October 16, 2007

Drought In The Land


Water is a powerful medicine for our people.
Water can cut through the thickest rock yet it is soft enough to run through our fingers.
Our entire world depends on water for survival.
Our bodies are mostly water, as are the bodies of the animals.
Water purifies, cleanses, and washes our bodies, our clothing, and our homes.
Where there is little water there is little life. Where there is much water there is abundant life.
Water speaks to us in streams, creeks, and the ocean, yet water, itself, is silent.
Water is magical and can take many forms, like ice, snow, and steam.
Water binds people together yet always remains separate itself.
Water has deep color when gathered but is without color in the hand.
Water carves out the beauty of the land for us to use and enjoy.
Water feeds our crops, flowers, and herbs, keeping us healthy and wise.
Water is a powerful medicine, one of the greatest of Grandfather’s gifts.

~Words of an American Native~


* There is much in the news, lately, about droughts, and water shortages around the country. According to the newspapers from down-home, they are already enforcing water restrictions in several towns and communities, and from what I read, it is that way in other places around the country, too. I don't know about you, but I know that I tend to take the priviliege of abundant water usage for granted. I, also, know that in all probability, that priviliege is going to come to a screeching halt at some point in the future.

Drought is the consequence of a natural reduction in the amount of precipitation expected over an extended period of time, usually a season or more in length. It is a period of abnormally dry weather, which persists long enough to produce a serious hydrologic imbalance. The severity of the drought depends upon the degree of moisture deficiency, the duration and the size of the affected area.

During severe droughts, agricultural crops do not mature, wildlife and livestock are undernourished, land values decline, and unemployment increases, causing serious impacts on the safety and economic wealth of the communities.

Some of the measures being taken in certain cities to assure adequate drinking water are rather extreme, already. Who knows what it will eventually come to?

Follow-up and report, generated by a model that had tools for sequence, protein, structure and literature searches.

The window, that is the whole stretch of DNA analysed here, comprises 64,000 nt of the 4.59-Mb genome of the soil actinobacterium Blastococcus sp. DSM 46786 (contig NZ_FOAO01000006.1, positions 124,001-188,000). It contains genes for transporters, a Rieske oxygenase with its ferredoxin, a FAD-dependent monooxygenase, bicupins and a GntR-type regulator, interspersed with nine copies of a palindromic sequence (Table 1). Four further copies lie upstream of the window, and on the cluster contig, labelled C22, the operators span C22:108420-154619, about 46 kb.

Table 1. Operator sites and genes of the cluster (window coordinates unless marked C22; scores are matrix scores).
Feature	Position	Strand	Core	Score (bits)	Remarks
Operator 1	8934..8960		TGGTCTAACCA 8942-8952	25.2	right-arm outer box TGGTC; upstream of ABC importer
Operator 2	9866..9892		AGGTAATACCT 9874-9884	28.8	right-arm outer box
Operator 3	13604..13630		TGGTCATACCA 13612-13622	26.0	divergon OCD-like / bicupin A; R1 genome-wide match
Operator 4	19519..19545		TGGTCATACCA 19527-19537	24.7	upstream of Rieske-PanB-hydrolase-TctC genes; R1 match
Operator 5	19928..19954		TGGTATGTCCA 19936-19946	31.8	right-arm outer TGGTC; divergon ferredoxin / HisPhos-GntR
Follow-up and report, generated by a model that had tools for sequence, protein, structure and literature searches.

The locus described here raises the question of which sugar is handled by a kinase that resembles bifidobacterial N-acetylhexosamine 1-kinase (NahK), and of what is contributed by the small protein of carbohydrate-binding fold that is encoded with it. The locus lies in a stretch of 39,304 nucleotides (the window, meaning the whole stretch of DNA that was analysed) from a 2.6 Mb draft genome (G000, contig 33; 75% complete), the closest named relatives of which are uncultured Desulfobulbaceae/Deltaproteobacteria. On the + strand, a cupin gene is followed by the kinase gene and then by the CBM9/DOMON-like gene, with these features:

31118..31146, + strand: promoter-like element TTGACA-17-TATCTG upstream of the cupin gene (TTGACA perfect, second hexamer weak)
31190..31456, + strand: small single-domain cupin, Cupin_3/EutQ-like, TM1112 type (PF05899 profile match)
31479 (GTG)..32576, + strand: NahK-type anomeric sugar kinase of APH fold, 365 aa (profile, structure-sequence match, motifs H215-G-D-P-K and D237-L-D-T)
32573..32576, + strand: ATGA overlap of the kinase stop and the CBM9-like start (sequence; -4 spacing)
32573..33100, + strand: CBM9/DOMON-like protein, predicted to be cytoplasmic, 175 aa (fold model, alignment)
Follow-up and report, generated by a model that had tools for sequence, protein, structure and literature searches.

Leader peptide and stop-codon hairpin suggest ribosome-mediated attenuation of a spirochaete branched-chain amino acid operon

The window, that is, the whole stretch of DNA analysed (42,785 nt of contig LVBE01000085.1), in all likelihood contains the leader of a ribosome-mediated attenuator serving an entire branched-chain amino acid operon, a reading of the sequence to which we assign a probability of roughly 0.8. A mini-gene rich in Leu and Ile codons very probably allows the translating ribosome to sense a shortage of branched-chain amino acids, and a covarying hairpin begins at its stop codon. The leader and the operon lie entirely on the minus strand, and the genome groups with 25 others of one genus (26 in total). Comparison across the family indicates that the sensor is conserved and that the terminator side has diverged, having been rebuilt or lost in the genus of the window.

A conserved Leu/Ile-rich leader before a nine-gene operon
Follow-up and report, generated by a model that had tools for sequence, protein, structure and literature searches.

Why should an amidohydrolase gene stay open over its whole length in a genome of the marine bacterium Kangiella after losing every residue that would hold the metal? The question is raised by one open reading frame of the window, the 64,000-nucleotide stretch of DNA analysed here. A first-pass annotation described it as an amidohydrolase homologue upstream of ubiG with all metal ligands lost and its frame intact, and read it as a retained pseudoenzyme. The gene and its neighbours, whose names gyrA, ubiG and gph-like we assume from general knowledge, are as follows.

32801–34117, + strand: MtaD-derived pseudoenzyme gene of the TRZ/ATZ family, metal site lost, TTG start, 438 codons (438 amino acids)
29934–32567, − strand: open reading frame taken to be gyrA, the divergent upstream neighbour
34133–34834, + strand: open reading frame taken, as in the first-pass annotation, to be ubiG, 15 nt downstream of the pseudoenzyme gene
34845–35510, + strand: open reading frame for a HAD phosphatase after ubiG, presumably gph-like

16 comments:

Vin De Vine said...

Well at least we shouldn't have to worry about a ten year dust bowl again, even if we should fall to another serious drought like the one back in '29. Scientists say that crop rotation and proper agricultural care has eliminated that threat.
Personally I am far more concerned with biological viral mutations and the Yellowstone Caldera, than a drought in my neck of the woods.

sue said...

See? Isn't this crazy? In our area we are having flooding... in fact, we have seen so much rain the past few days that harvest has come to a screeching halt and the crops are just sitting in the field. Nothing is getting harvested, none of the field work is getting done, it is just a very weird fall...

rockync said...

Sue, seems like no one can catch a break. Our fields are drying up, there is a shortage of hay and fodder and some cities are imposing water restrictions. I live in the country on a well, but I had a well go dry once during a drought. The well was at 181 ft and they had to go down to 272 ft to get me more water. I'm taking care of my well and conserving water. I plan on using a heavy layer of mulch on next year's garden to cut down on water needs. If the human race dowsn't take good care of what Mother Nature provides, she'll just kick our butts.

Jan said...

Vin..well, now you've given us something else to think about...erupting volcanoes, and the subsequent ash!

Yikes!

Jan said...

sue..it's crazy, alright!

I guess if your livliehood isn't dependant on farming, or agriculture, you don't realize how devastating too much of it can be!

Jan said...

rockync..well-drilling can get to be pretty expensive, too, right?

GUYK said...

I have lived through some droughts..bad ones and I have lived through some years of continual flooding..and I can't say that one was any worse than the other..except that the dry years seemed warmer.

But in any event there is a lot to be said about a deep well and conserving the water.

Jan said...

guyk..I don't recall either, really, except maybe when I was a kid. I remember my stepdad worrying about having no rain for such a long time, and how we all went crazy with excitement when it finally did rain..so I guess we must have been having a drought.

rockync said...

Yeah, Jan, that new well was drilled in like 1980 and cost several thousand dollars. A lot of money back then.

Jan said...

rockync..think what it would cost today, though!

Granny J said...

Our problem is that the Powers That Be are celebrating the arrival of more and more people in an area that is already in a deep water deficit. They will probably solve our problem by drying up the upper end of a lovely free-flowing desert river. Argh!

Jan said...

granny j...there are no words to express my feelings about that disgusting situation!

Lydia said...

Hi Jan, We had an unusually dry summer this year. I've never seen anything like it. Some of my vegetable plants were not as productive, because of the lack of rain.

sue said...

Don't get me wrong, we've had the droughts here, too... I have all my gardens mulched and try to conserve when I can. My sister-in-law lives in Virginia and it has been something like four months since they've had rain. It has just been unusual. I'm hoping the weather pattern changes a bit before winter hits, this could be 30 FEET of snow!

Jan said...

lydia..it seems like it's either too much, or too little, all around the country.

Jan said...

sue..you had to remind us! I was just thinking the other day about the snow that we had here in April!

We had a green Christmas, and a white Easter!